for National Geographic News
By 2050, rising temperatures exacerbated by human-induced belches of carbon dioxide and other greenhouse gases could send more than a million of Earth's land-dwelling plants and animals down the road to extinction, according to a recent study.
"Climate change now represents at least as great a threat to the number of species surviving on Earth as habitat-destruction and modification," said Chris Thomas, a conservation biologist at the University of Leeds in the United Kingdom.
Thomas is the lead author of the study published earlier this year in the science journal Nature. His co-authors included 18 scientists from around the world, making this the largest collaboration of its type.
Townsend Peterson, an evolutionary biologist at the University of Kansas in Lawrence and one of the study's co-authors, said the paper allows scientists for the first time to "get a grip" on the impact of climate change as far as natural systems are concerned.
"A lot of us are in this to start to get a handle on what we are talking about," he said. "When we talk about the difference between half a percent and one percent of carbon dioxide emissions what does that mean?"
The researchers worked independently in six biodiversity-rich regions around the world, from Australia to South Africa, plugging field data on species distribution and regional climate into computer models that simulated the ways species' ranges are expected to move in response to temperature and climate changes.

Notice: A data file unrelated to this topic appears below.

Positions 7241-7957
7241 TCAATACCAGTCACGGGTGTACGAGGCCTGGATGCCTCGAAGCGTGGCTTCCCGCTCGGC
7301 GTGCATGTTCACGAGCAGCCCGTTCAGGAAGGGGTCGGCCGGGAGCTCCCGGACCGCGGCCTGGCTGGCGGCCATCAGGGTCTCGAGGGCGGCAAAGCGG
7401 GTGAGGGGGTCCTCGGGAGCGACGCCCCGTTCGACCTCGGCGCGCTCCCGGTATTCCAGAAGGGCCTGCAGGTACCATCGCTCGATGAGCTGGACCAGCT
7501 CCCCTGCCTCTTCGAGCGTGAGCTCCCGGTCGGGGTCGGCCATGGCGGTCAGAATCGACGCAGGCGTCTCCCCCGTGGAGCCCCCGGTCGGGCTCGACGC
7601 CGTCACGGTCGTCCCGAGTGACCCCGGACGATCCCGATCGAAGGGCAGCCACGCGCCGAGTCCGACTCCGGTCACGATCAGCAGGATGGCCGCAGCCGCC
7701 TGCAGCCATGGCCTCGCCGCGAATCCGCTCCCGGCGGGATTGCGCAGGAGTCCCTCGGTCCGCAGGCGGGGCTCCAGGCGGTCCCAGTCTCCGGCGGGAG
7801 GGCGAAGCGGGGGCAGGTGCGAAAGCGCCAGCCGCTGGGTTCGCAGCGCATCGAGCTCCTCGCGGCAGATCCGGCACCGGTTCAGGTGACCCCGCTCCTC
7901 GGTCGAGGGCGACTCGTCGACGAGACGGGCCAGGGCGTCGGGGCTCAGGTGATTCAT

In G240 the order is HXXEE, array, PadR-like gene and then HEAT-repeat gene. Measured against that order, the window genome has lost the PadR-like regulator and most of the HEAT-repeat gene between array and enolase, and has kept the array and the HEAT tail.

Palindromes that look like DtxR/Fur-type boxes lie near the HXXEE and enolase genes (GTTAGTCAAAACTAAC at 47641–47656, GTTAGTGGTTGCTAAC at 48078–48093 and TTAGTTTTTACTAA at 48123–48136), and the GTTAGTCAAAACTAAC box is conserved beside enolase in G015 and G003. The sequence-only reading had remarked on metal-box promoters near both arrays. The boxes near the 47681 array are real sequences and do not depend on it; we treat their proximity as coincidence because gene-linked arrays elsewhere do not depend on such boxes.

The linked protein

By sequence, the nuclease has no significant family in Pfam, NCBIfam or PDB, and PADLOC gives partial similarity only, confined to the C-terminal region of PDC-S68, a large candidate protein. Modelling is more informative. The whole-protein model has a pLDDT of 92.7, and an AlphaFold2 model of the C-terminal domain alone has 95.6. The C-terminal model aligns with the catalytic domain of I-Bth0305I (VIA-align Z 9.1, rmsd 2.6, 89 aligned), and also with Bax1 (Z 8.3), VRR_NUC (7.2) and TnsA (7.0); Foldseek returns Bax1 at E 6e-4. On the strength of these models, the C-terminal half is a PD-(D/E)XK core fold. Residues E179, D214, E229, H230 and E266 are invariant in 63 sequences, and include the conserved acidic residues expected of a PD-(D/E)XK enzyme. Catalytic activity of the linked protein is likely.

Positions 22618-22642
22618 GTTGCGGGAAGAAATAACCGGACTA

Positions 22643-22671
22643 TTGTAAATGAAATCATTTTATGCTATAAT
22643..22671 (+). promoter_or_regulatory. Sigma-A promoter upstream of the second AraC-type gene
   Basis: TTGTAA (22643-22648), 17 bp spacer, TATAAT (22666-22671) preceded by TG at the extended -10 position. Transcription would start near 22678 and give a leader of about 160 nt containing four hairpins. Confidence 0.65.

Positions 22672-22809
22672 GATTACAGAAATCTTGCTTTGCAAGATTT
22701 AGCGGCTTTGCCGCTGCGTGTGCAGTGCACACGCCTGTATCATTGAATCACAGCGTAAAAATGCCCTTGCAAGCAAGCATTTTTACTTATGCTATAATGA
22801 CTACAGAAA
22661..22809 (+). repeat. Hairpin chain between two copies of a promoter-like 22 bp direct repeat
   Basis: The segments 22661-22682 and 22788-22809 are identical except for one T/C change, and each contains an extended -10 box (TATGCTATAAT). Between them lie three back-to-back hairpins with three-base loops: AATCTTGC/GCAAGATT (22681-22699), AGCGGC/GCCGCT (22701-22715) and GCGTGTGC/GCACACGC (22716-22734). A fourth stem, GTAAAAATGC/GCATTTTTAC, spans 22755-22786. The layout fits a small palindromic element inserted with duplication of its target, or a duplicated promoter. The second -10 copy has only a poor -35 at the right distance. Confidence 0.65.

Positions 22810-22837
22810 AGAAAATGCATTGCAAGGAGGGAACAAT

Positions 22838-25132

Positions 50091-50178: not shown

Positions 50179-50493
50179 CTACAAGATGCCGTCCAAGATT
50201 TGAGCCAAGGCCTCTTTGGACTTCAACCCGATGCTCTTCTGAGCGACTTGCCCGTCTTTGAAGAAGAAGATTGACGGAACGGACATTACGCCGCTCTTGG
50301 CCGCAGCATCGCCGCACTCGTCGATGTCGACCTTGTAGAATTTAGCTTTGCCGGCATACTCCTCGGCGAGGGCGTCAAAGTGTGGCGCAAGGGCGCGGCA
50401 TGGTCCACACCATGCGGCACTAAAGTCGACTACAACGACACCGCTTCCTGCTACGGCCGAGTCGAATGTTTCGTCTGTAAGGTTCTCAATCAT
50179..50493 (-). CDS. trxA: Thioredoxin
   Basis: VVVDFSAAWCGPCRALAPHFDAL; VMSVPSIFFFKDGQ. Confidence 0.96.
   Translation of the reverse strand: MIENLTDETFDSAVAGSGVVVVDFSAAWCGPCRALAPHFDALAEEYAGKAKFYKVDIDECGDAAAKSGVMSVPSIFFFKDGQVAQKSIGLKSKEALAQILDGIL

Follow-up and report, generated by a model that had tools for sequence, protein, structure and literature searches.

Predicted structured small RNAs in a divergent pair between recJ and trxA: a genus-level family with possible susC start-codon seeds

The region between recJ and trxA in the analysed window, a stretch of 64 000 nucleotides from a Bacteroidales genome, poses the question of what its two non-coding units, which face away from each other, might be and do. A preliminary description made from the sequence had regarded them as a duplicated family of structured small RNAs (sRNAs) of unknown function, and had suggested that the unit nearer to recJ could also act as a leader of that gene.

"We later met and decided to pool results to produce a more globally relevant look at the issue," said Lee Hannah, a climate change biologist with Conservation International's Center for Applied Biodiversity Science in Washington, D.C.
According to the researchers' collective results, the predicted range of climate change by 2050 will place 15 to 35 percent of the 1,103 species studied at risk of extinction. The numbers are expected to hold up when extrapolated globally, potentially dooming more than a million species.
"These are first-pass estimates, but they put the problem in the right ballpark I expect more detailed studies to refine these numbers and to add data for additional regions, but not to change the general import of these findings," said Hannah.
Writing in an accompanying commentary to the study in Nature, J. Alan Pounds of the Monteverde Cloud Forest Reserve in Costa Rica, and Robert Puschendorf, a biologist at the University of Costa Rica, say these estimates "might be optimistic."
As global warming interacts with other factors such as habitat-destruction, invasive species, and the build up of carbon dioxide in the landscape, the risk of extinction increases even further, they say.
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